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The increase of available seismic data prompts the need for automatic processing procedures to fully exploit them. A good example is aftershock sequences recorded by temporary seismic networks, whose thorough analysis is challenging because of the high seismicity rate and station density. Here, we test the performance of two recent Deep Learning algorithms, the Generalized Phase Detection and Earthquake Transformer, for automatic seismic phases identification. We use data from the December 2019 Mugello basin (Northern Apennines, Italy) swarm, recorded on 13 permanent and nine temporary stations, applying these automatic procedures under different network configurations. As a benchmark, we use a catalog of 279 manually repicked earthquakes reported by the Italian National Seismic Network. Due to the ability of deep learning techniques to identify earthquakes under poor signal‐to‐noise‐ratio (SNR) conditions, we obtain: (a) a factor 3 increase in the number of locations with respect to INGV bulletin and (b) a factor 4 increase when stations from the temporary network are added. Comparison between deep learning and manually picked arrival times shows a mean difference of 0.02–0.04 s and a variance in the range 0.02–0.07 s. The improvement in magnitude completeness is ∼0.5 units. The deep learning algorithms were originally trained using data sets from different regions of the world: our results indicate that these can be successfully applied in our case, without any significant modification. Deep learning algorithms are efficient and accurate tools for data reprocessing in order to better understand the space‐time evolution of earthquake sequences.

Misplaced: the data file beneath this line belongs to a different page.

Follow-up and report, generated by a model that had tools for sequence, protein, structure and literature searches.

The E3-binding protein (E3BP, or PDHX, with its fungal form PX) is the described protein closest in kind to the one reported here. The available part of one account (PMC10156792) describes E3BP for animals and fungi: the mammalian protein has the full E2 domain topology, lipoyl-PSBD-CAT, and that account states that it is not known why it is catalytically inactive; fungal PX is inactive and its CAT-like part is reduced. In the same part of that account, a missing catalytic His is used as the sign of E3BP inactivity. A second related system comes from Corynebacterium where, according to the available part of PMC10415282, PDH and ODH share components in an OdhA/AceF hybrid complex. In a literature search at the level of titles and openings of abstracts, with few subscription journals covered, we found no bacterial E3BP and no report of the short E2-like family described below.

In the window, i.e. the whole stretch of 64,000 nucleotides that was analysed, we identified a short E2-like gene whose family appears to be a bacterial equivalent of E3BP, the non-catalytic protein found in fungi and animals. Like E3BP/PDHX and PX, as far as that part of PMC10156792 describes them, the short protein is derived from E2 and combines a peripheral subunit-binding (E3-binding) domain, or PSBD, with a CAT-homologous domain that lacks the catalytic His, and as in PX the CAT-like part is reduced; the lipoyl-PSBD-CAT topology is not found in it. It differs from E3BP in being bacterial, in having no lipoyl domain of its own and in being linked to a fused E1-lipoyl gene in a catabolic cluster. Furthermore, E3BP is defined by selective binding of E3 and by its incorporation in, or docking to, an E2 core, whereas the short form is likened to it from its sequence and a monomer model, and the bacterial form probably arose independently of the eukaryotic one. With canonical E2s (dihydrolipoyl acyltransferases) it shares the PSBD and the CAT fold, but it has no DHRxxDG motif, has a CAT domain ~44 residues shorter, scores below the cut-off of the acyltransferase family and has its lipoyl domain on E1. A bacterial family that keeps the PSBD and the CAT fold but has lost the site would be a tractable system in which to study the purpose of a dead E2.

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On 3 May 2020, an ML 3.1 earthquake occurred in Haenam, southwestern Korea, in an area devoid of recorded seismicity since instrumental observations began in 1978. Careful examination of the temporal occurrence of seismicity, and the magnitude distribution of the sequence before and after the ML 3.1 earthquake, indicates typical swarm-like behavior. The earthquake swarm started with an ML 0.6 event on 26 April 2020, intensified up to 3 May 2020, and abruptly terminated with an ML 1.0 event on 9 May 2020. The Pusan National University Geophysics Laboratory (PNUGL) deployed a temporary seismic array with eight three-component short-period instruments to monitor the short-lived bursts of seismicity. During the monitoring campaign, we detected > 700 microearthquakes by applying a matched-filter technique to the combined dataset produced by PNUGL, the Korea Meteorological Administration, and the Korea Institute of Ocean Science and Technology. We determined earthquake parameters for 299 earthquakes that were detected at four or more seismic stations. We also determined the focal mechanism solutions of the 10 largest earthquakes in the swarm using first-motion polarities with S/P ratios. The focal mechanism, hypocentral depth, and stress orientation of the largest earthquake in the sequence were also determined using waveform inversions. The distribution of earthquake hypocenters, together with focal mechanism solutions, indicates that the earthquake swarm activated deeply-buried faults (~20 km) oriented either NNE-SSW or WNW-ESE. We also report details of the temporary seismic monitoring network, including the instrumentation, detection of microearthquakes, and variations in event-detection threshold influenced by anthropogenic and natural noise fluctuations. We also discuss the limitations associated with lowering the detection threshold of microearthquakes by increasing the number of seismic stations or by adopting advanced event-detection techniques.